Most people have a hard time determining the value of digital sports cards. This is not surprising. The market is small and even when you watch auctions, you will see really good cards go unsold. Values can also change quickly.
Sometimes a player will sell for cheap then a month later, the same player cards get expensive. All it takes is one new team collector to come in and start bidding up players and prices can skyrocket.
(On that note, a good example is Coby White. I’m a Bulls fan so I PC Coby and 3-4 months ago, you could get Coby White cards for half of what they sell for today).
Value is Always Subjective
I do a lot of buying on a daily basis but its impossible for one person to know the exact value of every player. Values are different for every collector. When I really want a card I will overpay. At the same time, I often put bids on players that I think I can sell in the future just because no one else is bidding on them.
Most people want cheap cards and great deals. No one wants to overpay for cards. However, this is balanced by collectors that will pay top dollar for specific cards they really want.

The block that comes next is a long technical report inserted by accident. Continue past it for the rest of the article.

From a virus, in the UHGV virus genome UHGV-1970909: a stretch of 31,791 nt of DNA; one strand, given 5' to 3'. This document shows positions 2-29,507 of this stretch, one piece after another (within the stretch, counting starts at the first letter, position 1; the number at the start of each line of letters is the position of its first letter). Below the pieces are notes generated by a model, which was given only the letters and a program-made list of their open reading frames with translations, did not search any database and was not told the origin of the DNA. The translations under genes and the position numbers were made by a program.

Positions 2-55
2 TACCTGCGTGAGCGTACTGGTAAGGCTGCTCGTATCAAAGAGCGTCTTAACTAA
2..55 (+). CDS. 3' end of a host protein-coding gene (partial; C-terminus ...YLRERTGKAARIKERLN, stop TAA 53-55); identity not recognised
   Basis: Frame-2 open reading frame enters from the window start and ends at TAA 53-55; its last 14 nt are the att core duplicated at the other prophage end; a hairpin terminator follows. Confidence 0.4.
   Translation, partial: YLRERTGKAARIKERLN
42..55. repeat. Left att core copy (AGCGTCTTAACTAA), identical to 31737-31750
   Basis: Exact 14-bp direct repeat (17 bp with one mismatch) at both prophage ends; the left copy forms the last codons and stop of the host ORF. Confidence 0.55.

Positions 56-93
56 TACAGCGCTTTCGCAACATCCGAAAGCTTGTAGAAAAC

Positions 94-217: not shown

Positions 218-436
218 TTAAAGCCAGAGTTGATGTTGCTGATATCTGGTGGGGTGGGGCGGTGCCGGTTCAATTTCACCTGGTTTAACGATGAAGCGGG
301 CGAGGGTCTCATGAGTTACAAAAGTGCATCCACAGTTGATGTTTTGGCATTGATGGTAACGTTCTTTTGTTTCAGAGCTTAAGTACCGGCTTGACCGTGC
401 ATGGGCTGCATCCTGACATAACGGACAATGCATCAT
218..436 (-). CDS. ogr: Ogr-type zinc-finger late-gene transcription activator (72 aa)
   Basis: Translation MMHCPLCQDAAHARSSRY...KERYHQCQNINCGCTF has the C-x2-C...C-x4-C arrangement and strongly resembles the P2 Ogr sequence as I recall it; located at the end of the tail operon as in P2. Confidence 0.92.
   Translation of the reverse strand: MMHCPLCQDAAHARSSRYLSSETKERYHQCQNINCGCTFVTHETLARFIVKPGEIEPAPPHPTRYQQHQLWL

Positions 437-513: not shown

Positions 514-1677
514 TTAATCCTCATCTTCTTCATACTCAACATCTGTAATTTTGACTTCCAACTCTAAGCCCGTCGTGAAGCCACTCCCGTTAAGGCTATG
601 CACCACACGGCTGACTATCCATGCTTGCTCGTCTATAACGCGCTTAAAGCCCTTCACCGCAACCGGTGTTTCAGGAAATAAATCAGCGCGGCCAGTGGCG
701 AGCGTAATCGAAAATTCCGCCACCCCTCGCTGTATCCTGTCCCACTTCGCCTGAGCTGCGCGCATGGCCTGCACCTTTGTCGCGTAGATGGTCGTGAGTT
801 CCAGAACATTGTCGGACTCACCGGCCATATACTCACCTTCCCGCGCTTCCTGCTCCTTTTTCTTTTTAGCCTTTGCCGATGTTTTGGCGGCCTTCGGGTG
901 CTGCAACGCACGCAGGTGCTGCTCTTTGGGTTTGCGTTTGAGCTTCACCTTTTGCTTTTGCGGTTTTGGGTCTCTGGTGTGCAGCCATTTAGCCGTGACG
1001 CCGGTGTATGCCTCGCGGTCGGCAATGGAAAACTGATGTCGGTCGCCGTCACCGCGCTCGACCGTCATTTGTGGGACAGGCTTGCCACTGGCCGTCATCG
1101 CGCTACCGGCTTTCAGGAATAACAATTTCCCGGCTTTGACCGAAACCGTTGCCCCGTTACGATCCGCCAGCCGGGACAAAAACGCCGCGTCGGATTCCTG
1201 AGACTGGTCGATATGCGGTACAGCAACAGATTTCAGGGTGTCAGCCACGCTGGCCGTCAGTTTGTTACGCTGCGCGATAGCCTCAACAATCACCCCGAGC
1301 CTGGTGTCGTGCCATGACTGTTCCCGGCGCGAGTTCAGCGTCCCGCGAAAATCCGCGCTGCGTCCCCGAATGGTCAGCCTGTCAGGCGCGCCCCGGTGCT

Also, you have to realize that there are some collectors that desperately need coins / cash that are wiling to sell their cards cheap. This can lead to a big price shift.
Lastly, some collectors want to quit the app and will get rid of their cards for very low prices. If someone with a large Bulls collection decided to liquidate, Bulls player cards would drop in price.
About this Guide
This is a general guide to help players price their cards in the ballpark. It will be good for the newer collectors or those that are still learning as it will take hours of watching auctions before you get a feel for prices.
Before you read this you may also want to check out the FAQ that includes a glossary of terms. Sports card collectors have their own language. If you are new to digital cards or sports cards collecting, you may want to skim through that page first.
Coin vs. Cash Value